Make-believe outings and virtual pet therapy: Hospices get creative to bring patients joy during circuit breakerpublished by Channel New Asia Digital on May 24, 2020
SINGAPORE: Going out for trips to Haw Par Villa or Little India were long the norm for patients of HCA Hospice Care.
But with COVID-19 “circuit breaker” restrictions in place, Polly Lim needed to use a little more imagination if she wanted to keep her patients’ spirits up.
After hearing some of them complain about not being able to go out, she thought – if they cannot venture out, why not bring the world in?
Ms Lim decided to organise a retro-themed party because the patients often reminisce about the past.
So on Apr 17, the hospice’s day care team took them on an “excursion” to the past. Old-school printouts of bus tickets were issued, which the patients used to enter the day care centre. The place was decorated with black-and-white posters of celebrities from the 30s and 40s.
Employees put up a show on the seven steps of hand washing, performed to the tune of Saturday Night Fever. A few patients later joined them on the dance floor.
Lunch was dim sum – served to them in pushcarts.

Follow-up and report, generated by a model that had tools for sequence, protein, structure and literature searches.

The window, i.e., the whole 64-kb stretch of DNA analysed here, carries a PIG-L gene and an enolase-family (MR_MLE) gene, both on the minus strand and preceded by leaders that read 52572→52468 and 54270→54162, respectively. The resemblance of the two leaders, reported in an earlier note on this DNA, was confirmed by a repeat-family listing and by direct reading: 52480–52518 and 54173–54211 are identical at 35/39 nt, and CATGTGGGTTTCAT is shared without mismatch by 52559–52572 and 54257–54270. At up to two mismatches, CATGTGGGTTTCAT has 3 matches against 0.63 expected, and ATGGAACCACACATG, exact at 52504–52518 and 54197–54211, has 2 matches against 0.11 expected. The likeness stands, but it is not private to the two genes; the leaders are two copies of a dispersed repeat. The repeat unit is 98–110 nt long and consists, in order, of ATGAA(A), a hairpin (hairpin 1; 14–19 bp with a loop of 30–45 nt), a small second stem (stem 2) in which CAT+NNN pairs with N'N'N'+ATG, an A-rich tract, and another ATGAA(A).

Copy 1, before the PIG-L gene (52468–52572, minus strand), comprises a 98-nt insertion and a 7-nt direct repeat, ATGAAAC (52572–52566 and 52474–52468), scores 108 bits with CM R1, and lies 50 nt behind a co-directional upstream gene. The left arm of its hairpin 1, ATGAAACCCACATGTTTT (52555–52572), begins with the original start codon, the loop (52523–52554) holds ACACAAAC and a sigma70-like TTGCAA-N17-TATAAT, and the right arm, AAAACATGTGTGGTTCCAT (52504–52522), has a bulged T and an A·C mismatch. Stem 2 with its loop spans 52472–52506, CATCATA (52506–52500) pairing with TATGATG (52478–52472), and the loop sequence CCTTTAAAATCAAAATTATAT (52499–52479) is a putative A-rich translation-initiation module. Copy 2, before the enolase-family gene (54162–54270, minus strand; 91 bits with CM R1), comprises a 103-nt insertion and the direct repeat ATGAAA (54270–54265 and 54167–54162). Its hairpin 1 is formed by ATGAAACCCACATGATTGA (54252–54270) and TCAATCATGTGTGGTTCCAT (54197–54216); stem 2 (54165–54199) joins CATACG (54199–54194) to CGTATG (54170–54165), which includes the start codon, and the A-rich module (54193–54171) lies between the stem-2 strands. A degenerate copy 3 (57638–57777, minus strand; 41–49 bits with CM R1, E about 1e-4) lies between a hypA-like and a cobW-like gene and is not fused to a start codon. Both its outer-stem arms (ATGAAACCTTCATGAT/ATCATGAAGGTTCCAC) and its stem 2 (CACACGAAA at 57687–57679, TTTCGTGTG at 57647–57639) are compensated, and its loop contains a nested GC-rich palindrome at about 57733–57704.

The rest of the afternoon was spent lounging in an area that had been converted into a “beauty parlour”. The hospice team gave them manicures, foot spas, facial, and a shave for the men. A colleague, dressed up as Charlie Chaplin, made an appearance to hand out some snacks.
“There was a lot of laughter, a lot of smiles. Some of them are still talking about it today,” said Ms Lim, HCA’s day hospice assistant supervisor. “I know they miss our outings a lot. My team and I just wanted to do our best to add (life) to their days.”
These were just some of the ideas hospices have come up with to bring cheer to terminally ill patients, to help them cope amid circuit breaker measures such as restrictions on group activities and the number of visitors allowed.
At Assisi Hospice, an employee dresses up every Tuesday as a postman delivering origami flowers and cards with well-wishes from volunteers.
At Dover Park Hospice, occupational therapists sometimes offer gardening tools or dry herbs to patients who miss the outdoors. Two weeks ago, an elderly man who loves gardening received a bag of soil and some pots.
“The patient transformed. He was no longer his tired, lethargic self,” said Ms Grace Sim, a senior principal occupational therapist at Dover Park.
“There are limitations to what we can do to enhance patients’ quality of life, but we’re still trying our best to bring a sense of normalcy and help them live their last days to the fullest.”
Giving patients therapeutic objects is something staff members had been doing for those who are bed bound. But they are now also doing so more frequently for other patients, since they are not allowed to stroll around the grounds of the hospice as part of circuit breaker measures.
THERAPY THROUGH TECHNOLOGY
With the circuit breaker in play, hospices have had to quickly embrace technology.